For more detailed sessions visit the Smart Sessions website.

Better Rugby Coaching



Attack into defence by David Clarke

Here is a rugby drill I did about three years ago. It is easy to set up and works on players making the transition from defence to attack. It is a Smart Session.

Better Rugby Coaching



Aggressive players come from aggressive coaches by David Clarke

Research in a leading sports journal suggests that an aggressive player in youth sport is likely to come from a team that is aggressive.

If it is the norm for the team to do it, so will the individual. The research also highlights a positive link between the nature of the coach and aggressive behaviour.

It suggests that the team member can take on some of the personna of the coach. If they have a tendency to aggression, this excerbates any agressive behaviour already in the player, perhaps making it worse.

Individual, Team, and Coach Predictors of Players’ Likelihood to Aggress in Youth Soccer
Graig M. Chow, Kristen E. Murray, Deborah Feltz
pages 425–443
Journal of Sport & Exercise Psychology
Volume 31, Issue 4 (August 2009)
Better Rugby Coaching



Do you know what you can do at the maul by David Clarke
August 19, 2009, 8:37 am
Filed under: Dan Cottrell, ELVs, Rugby Refereeing | Tags: , , ,

Here are the guidelines set out by the IRB from their website.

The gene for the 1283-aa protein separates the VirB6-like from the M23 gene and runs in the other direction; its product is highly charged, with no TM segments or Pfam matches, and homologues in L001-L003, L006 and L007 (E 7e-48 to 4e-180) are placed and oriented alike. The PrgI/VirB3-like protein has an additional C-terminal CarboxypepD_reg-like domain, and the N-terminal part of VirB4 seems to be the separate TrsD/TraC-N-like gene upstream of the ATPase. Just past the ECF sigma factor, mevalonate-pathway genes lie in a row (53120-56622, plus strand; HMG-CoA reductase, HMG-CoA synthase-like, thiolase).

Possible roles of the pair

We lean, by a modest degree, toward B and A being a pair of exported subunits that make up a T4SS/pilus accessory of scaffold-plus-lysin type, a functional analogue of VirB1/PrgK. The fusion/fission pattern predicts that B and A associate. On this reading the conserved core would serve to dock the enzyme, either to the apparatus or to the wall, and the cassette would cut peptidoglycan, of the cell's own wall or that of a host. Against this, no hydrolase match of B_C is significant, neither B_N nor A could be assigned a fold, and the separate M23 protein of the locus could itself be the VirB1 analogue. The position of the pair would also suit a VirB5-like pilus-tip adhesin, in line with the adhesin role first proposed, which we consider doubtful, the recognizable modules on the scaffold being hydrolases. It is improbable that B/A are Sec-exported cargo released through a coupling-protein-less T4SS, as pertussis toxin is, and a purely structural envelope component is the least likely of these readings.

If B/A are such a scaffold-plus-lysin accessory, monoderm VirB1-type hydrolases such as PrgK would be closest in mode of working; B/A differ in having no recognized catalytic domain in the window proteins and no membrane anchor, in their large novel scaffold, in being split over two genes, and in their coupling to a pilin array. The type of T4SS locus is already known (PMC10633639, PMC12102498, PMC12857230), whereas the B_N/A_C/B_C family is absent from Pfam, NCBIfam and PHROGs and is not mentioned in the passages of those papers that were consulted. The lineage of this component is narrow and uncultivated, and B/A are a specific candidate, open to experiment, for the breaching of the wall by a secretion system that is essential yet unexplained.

An excellent link,
it shows videos of what is happening at the maul.
Here is another video from the IRB to look at as well.

In summary from their PDF:
The maul must be formed so that the opposition can contest the maul at the formation; this includes
the formation of the maul at a lineout and from a maul formed after kick-offs or restart kicks. (Match
Officials were instructed to apply this from May 2009 – a DVD was circulated to all match elite match
officials and Referee Managers.) Mauls from open play should be refereed in the same way as mauls
formed at lineouts or from restart kicks.
—————————————————————————————————————————————-
A player may have both hands on the ball and be bound into the maul by other players involved in the
maul.
——————————————————————————————————-
If a player takes the ball in a formed maul and detaches whilst the players in the maul continue going
forward, they are obstructing the opposition if that player continues moving forward using the players
in front as a shield.
——————————————————————————————————-
If the ball carrying team in the maul is moved backwards at or immediately after the formation, Law 17
(d) and (e) should apply :
“(d) When a maul has stopped moving forward for more than five seconds, but the ball is being moved
and the referee can see it, a reasonable time is allowed for the ball to emerge. If it does not emerge
within a reasonable time, a scrum is ordered.